KW: On Mondays I like catching up with international weekend newspapers (and their magazines). Particular favourites include FA Sonntagzeitung and Die Zeit – the confident, precise design and unapologetic seriousness is very satisfying.
The Financial Times is one of the last broadsheets. Was a move to a smaller format ever discussed?
ML: I find it incredible how much prestige is wrapped up in the physical size of UK newspapers. Along with the pink paper, the large format is an important part of the FT’s heritage.
We did explore other formats early on but for me the FT makes sense as a broadsheet. The experience of folding, and folding again is really satisfying (I’d love to design something at the 1/4 size) and the dynamic of the design is different to tabloid and Berliner, each page can operate more as a single page. This is useful too for the many international editions. In practical terms their printing presses have many years of service left so replacing those would be an unnecessary and unjustifiable expense.
KW: I love the scale of a broadsheet page - it's a great setting for the FT’s journalism: considered, elegant, well structured, and an unrivalled canvas when you want to increase the scale for great photography or a full-page graphic.
Designing a newspaper is a huge project, spanning major decisions and tiny details. What’s one thing about the FT redesign that still makes you smile each day?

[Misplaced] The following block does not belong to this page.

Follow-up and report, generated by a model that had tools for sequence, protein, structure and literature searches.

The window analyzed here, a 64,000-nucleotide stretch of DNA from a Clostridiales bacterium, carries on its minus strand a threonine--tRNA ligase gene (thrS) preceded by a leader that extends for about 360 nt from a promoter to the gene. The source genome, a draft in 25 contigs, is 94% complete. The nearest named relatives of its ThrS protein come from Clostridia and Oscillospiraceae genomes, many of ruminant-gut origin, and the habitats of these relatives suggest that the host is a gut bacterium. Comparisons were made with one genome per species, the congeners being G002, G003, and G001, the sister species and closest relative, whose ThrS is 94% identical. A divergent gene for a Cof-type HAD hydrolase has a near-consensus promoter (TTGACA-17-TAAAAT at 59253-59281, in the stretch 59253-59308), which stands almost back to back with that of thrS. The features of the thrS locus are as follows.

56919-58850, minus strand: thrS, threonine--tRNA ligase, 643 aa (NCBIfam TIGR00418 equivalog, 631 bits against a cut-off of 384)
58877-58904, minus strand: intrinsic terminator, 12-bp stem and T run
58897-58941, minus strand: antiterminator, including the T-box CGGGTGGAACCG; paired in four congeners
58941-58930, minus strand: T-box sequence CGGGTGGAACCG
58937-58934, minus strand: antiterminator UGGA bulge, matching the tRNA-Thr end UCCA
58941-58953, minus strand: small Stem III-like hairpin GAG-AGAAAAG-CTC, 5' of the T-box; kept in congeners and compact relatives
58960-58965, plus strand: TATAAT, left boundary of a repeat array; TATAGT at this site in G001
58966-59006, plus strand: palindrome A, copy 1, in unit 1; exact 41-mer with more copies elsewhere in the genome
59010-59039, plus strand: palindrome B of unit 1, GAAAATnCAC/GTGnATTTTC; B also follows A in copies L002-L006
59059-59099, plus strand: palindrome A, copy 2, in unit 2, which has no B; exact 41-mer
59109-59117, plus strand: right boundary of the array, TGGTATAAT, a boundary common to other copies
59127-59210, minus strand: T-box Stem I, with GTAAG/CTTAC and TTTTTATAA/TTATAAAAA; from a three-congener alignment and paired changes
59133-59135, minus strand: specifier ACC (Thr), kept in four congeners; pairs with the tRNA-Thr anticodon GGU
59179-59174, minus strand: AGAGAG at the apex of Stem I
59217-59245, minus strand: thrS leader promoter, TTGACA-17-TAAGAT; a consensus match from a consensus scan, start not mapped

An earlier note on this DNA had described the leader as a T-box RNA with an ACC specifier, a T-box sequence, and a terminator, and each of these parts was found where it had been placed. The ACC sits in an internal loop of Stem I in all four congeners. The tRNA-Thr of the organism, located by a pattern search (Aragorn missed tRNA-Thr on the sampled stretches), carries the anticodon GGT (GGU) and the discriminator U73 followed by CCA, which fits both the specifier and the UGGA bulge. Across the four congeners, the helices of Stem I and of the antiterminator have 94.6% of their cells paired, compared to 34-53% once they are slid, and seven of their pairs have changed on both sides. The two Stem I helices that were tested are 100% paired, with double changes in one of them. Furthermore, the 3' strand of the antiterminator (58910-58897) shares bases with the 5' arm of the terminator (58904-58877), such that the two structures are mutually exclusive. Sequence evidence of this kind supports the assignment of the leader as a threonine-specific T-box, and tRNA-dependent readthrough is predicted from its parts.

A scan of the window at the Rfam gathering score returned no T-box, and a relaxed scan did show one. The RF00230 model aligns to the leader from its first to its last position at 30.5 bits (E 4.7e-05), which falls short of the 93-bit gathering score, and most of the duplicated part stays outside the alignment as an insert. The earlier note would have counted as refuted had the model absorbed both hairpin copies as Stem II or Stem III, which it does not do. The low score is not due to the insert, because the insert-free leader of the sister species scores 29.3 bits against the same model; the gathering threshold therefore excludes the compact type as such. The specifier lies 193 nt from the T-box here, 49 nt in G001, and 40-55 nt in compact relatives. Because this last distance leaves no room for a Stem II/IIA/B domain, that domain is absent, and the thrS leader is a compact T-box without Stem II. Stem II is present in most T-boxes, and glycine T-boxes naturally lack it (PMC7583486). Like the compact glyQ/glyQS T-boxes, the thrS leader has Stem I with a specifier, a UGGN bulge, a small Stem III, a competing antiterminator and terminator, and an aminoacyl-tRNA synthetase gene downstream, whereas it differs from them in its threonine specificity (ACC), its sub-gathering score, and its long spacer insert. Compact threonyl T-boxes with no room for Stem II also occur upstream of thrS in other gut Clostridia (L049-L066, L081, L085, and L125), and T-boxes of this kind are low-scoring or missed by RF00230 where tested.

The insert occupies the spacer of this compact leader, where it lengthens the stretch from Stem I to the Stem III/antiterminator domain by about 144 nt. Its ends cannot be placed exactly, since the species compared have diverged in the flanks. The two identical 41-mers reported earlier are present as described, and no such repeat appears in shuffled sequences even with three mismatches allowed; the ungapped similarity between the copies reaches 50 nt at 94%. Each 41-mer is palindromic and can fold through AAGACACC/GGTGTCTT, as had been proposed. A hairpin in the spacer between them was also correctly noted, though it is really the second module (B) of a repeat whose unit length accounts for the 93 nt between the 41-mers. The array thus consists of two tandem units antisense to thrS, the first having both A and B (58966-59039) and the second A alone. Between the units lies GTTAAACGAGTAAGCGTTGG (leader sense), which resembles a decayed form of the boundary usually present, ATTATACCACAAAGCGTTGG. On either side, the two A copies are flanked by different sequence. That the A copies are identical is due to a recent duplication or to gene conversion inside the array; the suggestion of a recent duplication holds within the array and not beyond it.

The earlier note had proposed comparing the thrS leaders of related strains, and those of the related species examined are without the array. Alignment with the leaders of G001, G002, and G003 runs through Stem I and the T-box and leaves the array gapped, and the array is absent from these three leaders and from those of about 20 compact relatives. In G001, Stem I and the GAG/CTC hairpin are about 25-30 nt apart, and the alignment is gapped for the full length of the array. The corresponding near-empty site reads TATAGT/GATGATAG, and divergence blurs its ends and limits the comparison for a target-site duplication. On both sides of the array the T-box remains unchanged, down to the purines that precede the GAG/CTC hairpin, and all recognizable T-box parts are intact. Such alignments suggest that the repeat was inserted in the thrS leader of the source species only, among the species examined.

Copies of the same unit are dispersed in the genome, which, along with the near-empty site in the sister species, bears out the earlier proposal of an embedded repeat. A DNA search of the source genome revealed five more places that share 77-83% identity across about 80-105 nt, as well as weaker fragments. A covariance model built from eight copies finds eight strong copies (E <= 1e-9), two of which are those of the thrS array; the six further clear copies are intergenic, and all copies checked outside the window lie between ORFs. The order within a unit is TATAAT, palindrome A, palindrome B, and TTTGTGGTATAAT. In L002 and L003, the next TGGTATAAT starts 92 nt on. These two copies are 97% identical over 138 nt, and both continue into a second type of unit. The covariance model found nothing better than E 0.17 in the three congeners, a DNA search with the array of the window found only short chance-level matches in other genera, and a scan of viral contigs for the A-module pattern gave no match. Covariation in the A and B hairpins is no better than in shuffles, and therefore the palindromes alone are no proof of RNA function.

ML: At the micro micro level, the small victories over the Methode IT system (no Open Type use at the moment). One of our changes was to use an em dash not en dash. Ligatures next...
KW: Meeting Sir Harold Evans – it was a thrill to show him dummy papers, and receive his advice on everything from picture usage to typography. His one-word recipe for success – ‘Vivacity!’
The design is very pared back, space on the page is a vital ingredient as is the new typeface Financier. What was the brief you gave the typographer, and how did that process work?
ML: On the design side, we wanted to define and clarify some of the story types – news, analysis, trends etc. By moving from eight to six columns we could redistribute some of the empty space, increase the line lengths a littlew and rationalise the ad grid. Six columns also meant fewer layout combinations were required, making the daily puzzle easier to solve.
But it wasn’t all cold hard maths and production. I think the new grid changes the feel of the broadsheet page and in some part reflects that the crash-bag–wallop of just-in-time news has moved to other forms of media. It’s still news-driven but edited to run the cream (one reader described it as gold top) of the day’s stories .
Kevin and I thought Kris Sowersby would be the right choice, I’d spoken with him a few times about other projects, and really admired Tiempos. I also introduced Kris to Suzanne Sykes at Elle, where we used his Domaine (and there’s a cracking Domaine Sans)